A wholesale switch to organic farming would result in a net increase in greenhouse gas emissions – unless consumers radically changed their diets, a study has found.
Shifting 100% to organic production across England and Wales would reduce yields by as much as 40%, sucking in food imports to make up the shortfall, it suggests.
Published in the journal Nature Communications on Tuesday (22 October), the study was conducted by researchers at Cranfield, Reading and the Royal Agricultural universities.
They said the increased imports would require more land use overseas, leading to a net increase in overall greenhouse gas emissions even though UK emissions would fall.
Organic farming produced fewer emissions, but also produced less food, said Adrian Williams, reader in agri-environmental systems at Cranfield University.
“We predict a drop in total food production of 40% under a fully organic farming regime – compared with conventional farming – if we keep to the same national diet,” he said.
“This results from lower crop yields, because yields are restricted by a lower supply of nitrogen, which is mainly from grass-legume leys within crop rotations or manure from cattle on pasture.”
The report say shifting to 100% organic farming in England and Wales would:
- increase beef cattle and sheep numbers, because of the increase in pasture. But the volume of meat would not increase because of slower production rates;
- decrease pig, poultry and egg production, because there would be less concentrated feed available;
- reduce dairy cattle numbers and milk production for similar reasons;
- increase production of potatoes, carrots, peas and beans; and
- decrease wheat production, with some crops, such as oilseeds, hardly grown at all.
To offset the overall shortfall in domestic production, the study estimates that a fivefold increase would be needed in the area of overseas land producing food destined for England and Wales.
This additional land would probably be of sub-optimal quality and not as productive as the higher-quality land it replaced, said Laurence Smith, agroecologist at the Royal Agricultural University, Cirencester.
“A net reduction in greenhouse gases would only be achievable if accompanied by a major increase in organic yields or widespread changes to national diets,” Dr Smith said.
Organic farming initially involved higher carbon sequestration rates than conventional agriculture – a result of higher manure use and longer crop rotations – but this was limited to the first decade or two.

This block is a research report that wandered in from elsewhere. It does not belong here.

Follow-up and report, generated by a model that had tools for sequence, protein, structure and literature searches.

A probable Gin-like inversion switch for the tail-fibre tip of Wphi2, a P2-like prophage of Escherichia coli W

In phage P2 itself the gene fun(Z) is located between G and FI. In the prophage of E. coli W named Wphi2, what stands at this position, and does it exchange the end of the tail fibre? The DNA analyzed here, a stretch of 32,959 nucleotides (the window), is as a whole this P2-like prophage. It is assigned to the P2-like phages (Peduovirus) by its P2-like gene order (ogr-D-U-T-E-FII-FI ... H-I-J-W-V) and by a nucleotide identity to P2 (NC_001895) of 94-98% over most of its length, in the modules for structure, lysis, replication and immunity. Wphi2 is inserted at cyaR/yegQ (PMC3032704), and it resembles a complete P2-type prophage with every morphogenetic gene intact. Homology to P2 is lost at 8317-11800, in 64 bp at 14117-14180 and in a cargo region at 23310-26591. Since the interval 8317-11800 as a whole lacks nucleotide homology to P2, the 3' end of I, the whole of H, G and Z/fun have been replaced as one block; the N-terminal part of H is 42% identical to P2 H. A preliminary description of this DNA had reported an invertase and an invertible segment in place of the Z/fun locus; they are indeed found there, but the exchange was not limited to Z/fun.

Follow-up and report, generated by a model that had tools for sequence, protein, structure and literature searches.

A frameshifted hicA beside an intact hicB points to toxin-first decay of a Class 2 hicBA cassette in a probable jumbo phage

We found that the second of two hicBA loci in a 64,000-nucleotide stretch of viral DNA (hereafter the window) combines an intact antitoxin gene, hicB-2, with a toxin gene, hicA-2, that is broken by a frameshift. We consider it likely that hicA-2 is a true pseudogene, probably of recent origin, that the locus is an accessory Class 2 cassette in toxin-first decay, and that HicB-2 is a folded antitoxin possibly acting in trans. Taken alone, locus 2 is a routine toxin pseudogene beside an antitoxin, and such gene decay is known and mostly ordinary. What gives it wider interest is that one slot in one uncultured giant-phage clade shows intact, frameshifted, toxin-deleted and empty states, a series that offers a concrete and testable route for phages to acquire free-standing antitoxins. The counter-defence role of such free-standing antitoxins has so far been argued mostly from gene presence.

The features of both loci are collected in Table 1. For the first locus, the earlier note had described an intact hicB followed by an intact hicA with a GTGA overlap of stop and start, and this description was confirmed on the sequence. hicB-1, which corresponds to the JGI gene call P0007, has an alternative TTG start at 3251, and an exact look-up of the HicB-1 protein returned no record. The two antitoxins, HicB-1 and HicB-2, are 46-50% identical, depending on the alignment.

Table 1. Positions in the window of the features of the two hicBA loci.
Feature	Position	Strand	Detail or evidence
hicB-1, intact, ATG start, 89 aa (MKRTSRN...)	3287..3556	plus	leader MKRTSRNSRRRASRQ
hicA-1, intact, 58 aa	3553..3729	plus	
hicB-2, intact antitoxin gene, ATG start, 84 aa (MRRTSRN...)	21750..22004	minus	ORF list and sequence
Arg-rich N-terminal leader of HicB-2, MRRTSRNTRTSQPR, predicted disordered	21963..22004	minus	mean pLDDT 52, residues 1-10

Soil would eventually reach a steady-state when carbon sequestration rates fell to zero, so UK organic farming would offset only a fraction of the higher emissions overseas.
The research concluded that net greenhouse emissions under a fully organic farming production method could increase by 21% over conventional farming baselines.
But this assumes that only half the extra overseas land would be converted from grassland, with emissions forecast to rise 170% once the carbon opportunity cost is factored in.
Analysis: organic farming under increasing scrutiny
This study is the second report in as many months to scrutinise the environmental impact of organic and conventional farming methods.
Last month, a study by Cambridge University concluded that intensive, high-yielding agriculture may be the best way to meet rising demand for food while conserving biodiversity – dubbing it the “least bad way forward”.
The Cambridge researchers measured the environmental costs of what they called major “externalities” – such as greenhouse gas emissions, fertiliser and water use – generated by high- and low-yield farming systems.
They concluded that many high-yield systems were less damaging and used less land.
Examples include enhanced pasture systems and livestock breeds in beef production, the use of chemical fertiliser on crops, and keeping dairy cows indoors for longer.
The Soil Association disputed the Cambridge findings, pointing to previous studies that suggest organic farming is better for the environment, including when damage caused by energy and chemical inputs in non-organic systems are factored in.
This month, a separate report by Organic Farmers & Growers (OF&G) called for a new approach to assessing the productivity and efficiency of UK agriculture.
Rather than profit and loss, it says there should be more focus on overall equity value or net worth.
OF&G report author Christopher Stopes also called for more focus on reducing food waste and on-farm nutrient cycling rather than the “misconception” that big increases in food production are needed to feed a world population forecast to reach 9.7 billion by 2050.
He added: “About one-third of the food we produce is currently lost or wasted, so if policies were directed to avoid waste and encourage balanced dietary choices with meat and non-meat foods, we could feed 9.7 billion now.”